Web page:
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The first Hand of Fate was an interesting take on a rogue-like RPG using cards, but also had some really rough edges (and a straight up horrible final boss fight). The sequel is not only a vast improvement but a great game overall, providing a meaty campaign with wildly different missions and expanding the games of chance beyond cards (read my full review at PC Gamer).

The deliciously acerbic Dealer returns, but his antics take a backseat to the much improved story telling. Each story chapter presents a self-contained story with challenging objectives, from escorting a helpless farmer, to gathering resources while avoiding enemy patrols.

The chapters are still laid out as a series of cards that you flip over, with each card presenting choices, games of chance, or a battle (and often, all three). The new games are a lot more fun than the frustrating card shuffle of the first game, including rolling dice, stopping a card wheel, and stopping a pendulum-swinging laser.

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Combat is the least improved factor, and still mostly a Batman-lite affair as you shuffle from enemy to enemy mashing attacks while blocking and countering their strikes. Often I was facing a dozen or more enemies at a time, which can be exhilarating, but also incredibly frustrating. Controls and camera are still a bit clunky, though weapon abilities and combos work much better, and the different weapon types all feel very different from each other.

The new companions were probably my favorite element, adding a much needed boost to combat as well as some really nice story moments. Their tales were unlocked through a progressive series of cards and challenges, and the ending sequence goes as far as to borrow from the companion-driven climax of Mass Effect 2.

Hand of Fate 2 is an excellent sequel that successfully builds upon the neat ideas and concepts of the first game.

Read my review for PC Gamer!

Masquerada: Songs and Shadows Review [Pixelkin]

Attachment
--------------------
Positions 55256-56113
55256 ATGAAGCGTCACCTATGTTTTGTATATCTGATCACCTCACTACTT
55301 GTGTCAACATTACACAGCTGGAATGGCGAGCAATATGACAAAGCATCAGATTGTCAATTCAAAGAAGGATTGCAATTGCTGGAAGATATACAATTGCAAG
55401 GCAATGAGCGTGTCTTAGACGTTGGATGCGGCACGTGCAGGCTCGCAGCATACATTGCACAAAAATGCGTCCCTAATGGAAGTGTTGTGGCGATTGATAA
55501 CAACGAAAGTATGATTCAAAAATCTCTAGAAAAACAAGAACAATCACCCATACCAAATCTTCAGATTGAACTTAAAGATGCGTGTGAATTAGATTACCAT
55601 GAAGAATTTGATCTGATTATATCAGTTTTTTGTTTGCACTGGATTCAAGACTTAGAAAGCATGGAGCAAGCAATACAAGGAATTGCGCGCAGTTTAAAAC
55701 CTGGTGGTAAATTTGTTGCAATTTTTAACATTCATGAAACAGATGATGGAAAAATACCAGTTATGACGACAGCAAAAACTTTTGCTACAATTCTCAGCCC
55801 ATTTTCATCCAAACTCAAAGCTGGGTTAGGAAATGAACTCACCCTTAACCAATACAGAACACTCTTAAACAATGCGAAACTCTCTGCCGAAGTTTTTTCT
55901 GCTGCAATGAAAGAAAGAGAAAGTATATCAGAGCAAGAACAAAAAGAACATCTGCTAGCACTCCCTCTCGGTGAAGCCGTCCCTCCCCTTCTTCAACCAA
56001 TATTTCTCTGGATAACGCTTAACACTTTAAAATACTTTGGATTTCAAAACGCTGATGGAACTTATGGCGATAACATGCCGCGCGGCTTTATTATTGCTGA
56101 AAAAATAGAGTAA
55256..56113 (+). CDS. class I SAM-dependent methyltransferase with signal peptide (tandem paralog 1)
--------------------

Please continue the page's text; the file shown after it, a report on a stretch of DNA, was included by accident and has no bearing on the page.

Read the full review at Pixelkin

Many of my favorite games stick with me over the years not because of finely-honed combat systems or impressive visual effects. Often it’s the story and characters that remain the most memorable aspects of the those cherished gaming experiences.

Masquerada: Songs and Shadows has one of the best stories I’ve experienced in years. It’s an epic tale about heroic sacrifice, forbidden love, political betrayal, and self discovery set within a richly realized world of urban renaissance and ancient mystery. Masquerada’s tactical combat is serviceable, but it’s the story and characters that demand you experience this unique RPG.

Read the full review at Pixelkin

My Top Ten Games of 2016: #1

 My top ten favorite games of the year, presented in ascending order each day leading into the holidays. Look for my full Top Ten list with categories and awards on December 24!

#10 Pokémon GO
#9 Skylanders Imaginators
#8 Stellaris
#7 Shadow Tactics: Blades of the Shogun
#6 Fire Emblem Fates
#5 Overwatch
#4 Pokémon Sun and Moon
#3 XCOM 2
#2 Sid Meier’s Civilization VI

#1 Stardew Valley

top five 2016

Once again my top game of the mid-year remains on top at my end of the year list. Once again it’s a delightful indie game I sunk dozens of hours into. Once again it’s a…. farming sim? Wait what?

It’s fun to say indie games come out of nowhere even though with the proliferation of Kickstarter and Early Access that’s rarely the case any more. Stardew Valley very much came out of nowhere (from a one-man dev) and quickly became my favorite, and most surprising gaming love of the year. Continue reading “My Top Ten Games of 2016: #1”